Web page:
Meeting the Vérité winemaker over a game of polo!

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Wine and polo!

Jackson Family Wines

Founded in 1982, Jackson Family Wines is a collection of premium wineries owned privately by Barbara Banke and the Jackson family. Over many years, they have assembled a portfolio of esteemed vineyards and wineries along California's cool coastal ridges from Santa Barbara up through Monterey, Sonoma, Napa and Mendocino counties, as well as into Oregon's renowned Willamette Valley. Additionally, the company owns estates in St. Émilion, Tuscany, McLaren Vale and Chile. Each winery has its own winemaker, vineyards, varietal focus and unique style which showcase the particular terroir of its location. Above all, the Banke-Jackson family pride themselves on the quality of their wines, their stewardship of the land, their commitment to sustainable practices and their long-term distribution and wine community partnerships around the world.

Barbara Banke

Barbara Banke: image by Robin Goldsmith

Sonoma County

Sonoma County is a particularly diverse viticultural region. Due to the influence of the Pacific Ocean, the climate flows from west to east, rather than from north to south. This means that eastern inland appellations are warm and dry, ideal for Bordeaux varieties, such as Cabernet Sauvignon, Merlot and Cabernet Franc. The microclimates in each appellation are warm enough to fully ripen red Bordeaux varieties. The cooling breezes and moisture from the Pacific benefit the grapes, allowing them to retain the natural acidity needed to make high quality, age-worthy wines.


Brian Stein, Chairman of The Guards Polo Club, holding a bottle of Vérité wine

Vérité served in historic royal location

One of Jackson Family Wines' premium Sonoma wineries is the world-renowned Vérité, official red wine supplier for 2019 to Guards Polo Club in Windsor Great Park. Barbara Banke comments: "Vérité is one of the jewels of my family's portfolio and we are thrilled to be offering these wines at this historic and prestigious club for its members and distinguished guests."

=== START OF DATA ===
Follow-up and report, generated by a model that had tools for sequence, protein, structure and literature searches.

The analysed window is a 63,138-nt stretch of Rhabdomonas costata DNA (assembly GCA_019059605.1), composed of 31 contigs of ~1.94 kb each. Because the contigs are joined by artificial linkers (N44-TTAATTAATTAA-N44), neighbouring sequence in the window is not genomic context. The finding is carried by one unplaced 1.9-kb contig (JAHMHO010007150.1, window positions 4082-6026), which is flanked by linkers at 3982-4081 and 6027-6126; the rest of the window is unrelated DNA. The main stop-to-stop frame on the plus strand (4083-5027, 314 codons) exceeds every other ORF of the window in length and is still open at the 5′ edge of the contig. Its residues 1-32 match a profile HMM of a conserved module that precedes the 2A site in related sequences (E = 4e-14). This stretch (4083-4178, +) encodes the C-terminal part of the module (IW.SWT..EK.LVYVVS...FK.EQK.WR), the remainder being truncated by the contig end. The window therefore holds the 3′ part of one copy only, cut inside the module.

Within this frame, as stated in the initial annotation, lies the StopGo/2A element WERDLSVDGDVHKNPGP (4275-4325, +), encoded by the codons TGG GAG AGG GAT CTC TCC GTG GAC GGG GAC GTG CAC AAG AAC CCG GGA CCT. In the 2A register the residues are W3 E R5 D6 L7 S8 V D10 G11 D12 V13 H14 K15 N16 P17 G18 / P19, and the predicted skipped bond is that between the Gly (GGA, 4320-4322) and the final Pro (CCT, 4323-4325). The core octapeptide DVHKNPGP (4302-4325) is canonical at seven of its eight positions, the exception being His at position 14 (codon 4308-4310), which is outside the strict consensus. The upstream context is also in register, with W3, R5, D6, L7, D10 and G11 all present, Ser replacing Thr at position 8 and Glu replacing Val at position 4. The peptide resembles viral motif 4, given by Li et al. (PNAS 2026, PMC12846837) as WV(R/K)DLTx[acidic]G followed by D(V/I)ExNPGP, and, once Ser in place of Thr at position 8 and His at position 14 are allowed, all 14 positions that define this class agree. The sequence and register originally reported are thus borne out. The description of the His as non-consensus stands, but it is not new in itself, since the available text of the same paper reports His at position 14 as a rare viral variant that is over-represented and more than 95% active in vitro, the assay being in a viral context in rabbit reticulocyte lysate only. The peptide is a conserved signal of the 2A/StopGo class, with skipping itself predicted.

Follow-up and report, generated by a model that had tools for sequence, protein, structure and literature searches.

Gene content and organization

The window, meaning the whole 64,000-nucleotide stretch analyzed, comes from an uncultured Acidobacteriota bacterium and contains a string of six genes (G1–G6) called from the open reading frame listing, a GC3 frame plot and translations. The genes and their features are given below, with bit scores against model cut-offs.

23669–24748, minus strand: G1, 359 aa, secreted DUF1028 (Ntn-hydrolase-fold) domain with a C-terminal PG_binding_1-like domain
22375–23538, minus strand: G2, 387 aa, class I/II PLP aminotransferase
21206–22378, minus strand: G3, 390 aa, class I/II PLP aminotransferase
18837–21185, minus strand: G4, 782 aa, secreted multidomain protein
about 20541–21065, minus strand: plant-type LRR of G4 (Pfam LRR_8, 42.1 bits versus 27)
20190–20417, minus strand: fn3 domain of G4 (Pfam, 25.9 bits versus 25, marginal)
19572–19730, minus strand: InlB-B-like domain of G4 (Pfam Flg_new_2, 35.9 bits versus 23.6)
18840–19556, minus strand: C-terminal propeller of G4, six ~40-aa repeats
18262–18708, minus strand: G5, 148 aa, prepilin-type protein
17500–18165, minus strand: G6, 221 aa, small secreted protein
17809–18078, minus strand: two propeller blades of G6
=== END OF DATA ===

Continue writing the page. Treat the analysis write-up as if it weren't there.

Neil Hobday, Chief Executive of Guards Polo Club, is delighted about this exciting new partnership with Vérité. "Guards Polo Club prides itself on creating the benchmark of world-class polo and elegant hospitality that others strive to follow. An integrated partnership with a prestigious wine brand such as Vérité is perfect as it will enable us to deliver unrivalled opportunities for our esteemed patrons, players and members. Barbara Banke and her team at Jackson Family Wines represent the same core values as Guards Polo Club. We look forward to working closely with them on introducing Vérité to our own distinguished audience."

The winemaker

Vérité is the creation of international winemaker Pierre Seillan and visionary founder of Jackson Family Wines, Jess Jackson. On 23rd June, just before the Royal Windsor Cup Final 2019 at Guards Polo Club, Pierre spoke about his philosophy and the history of Vérité, before leading a tasting of some of his iconic wines.


Monique and Pierre Seillan

Seillan's early years

Pierre Seillan and his wife Monique look back at their life in wine with visible pride, passion and joy. "2018 was the 52nd year of my career making wine with the 22nd vintage of Vérité this year", he announces with unbridled, yet naturally unassuming enthusiasm. There's no hint of self-aggrandisement, just recognition of a life well spent with an enduring legacy for the Californian wine industry.

Pierre was born in Gascony in 1950 and raised not far from Saint-Émilion in a farming and winemaking family. He is the sixth generation and one of his ancestors, Jules Seillan, created the oenology map of Armagnac in the mid-1800s and was also among the first to understand the need to graft US rootstock to combat phylloxera. In addition to farming and viticulture, Pierre's father continued the tradition of his family uncle who owned a cork factory in Lavardac, close to La Musée du Liège, the cork museum. So Pierre's early life set the theme for his future career. "From around 1963/1964 and living in Gascony, I developed a passion for farming", he remembers very clearly. "I worked with my father and decided to stop school at age 16. I wanted to work on the farm with vineyards and with animals".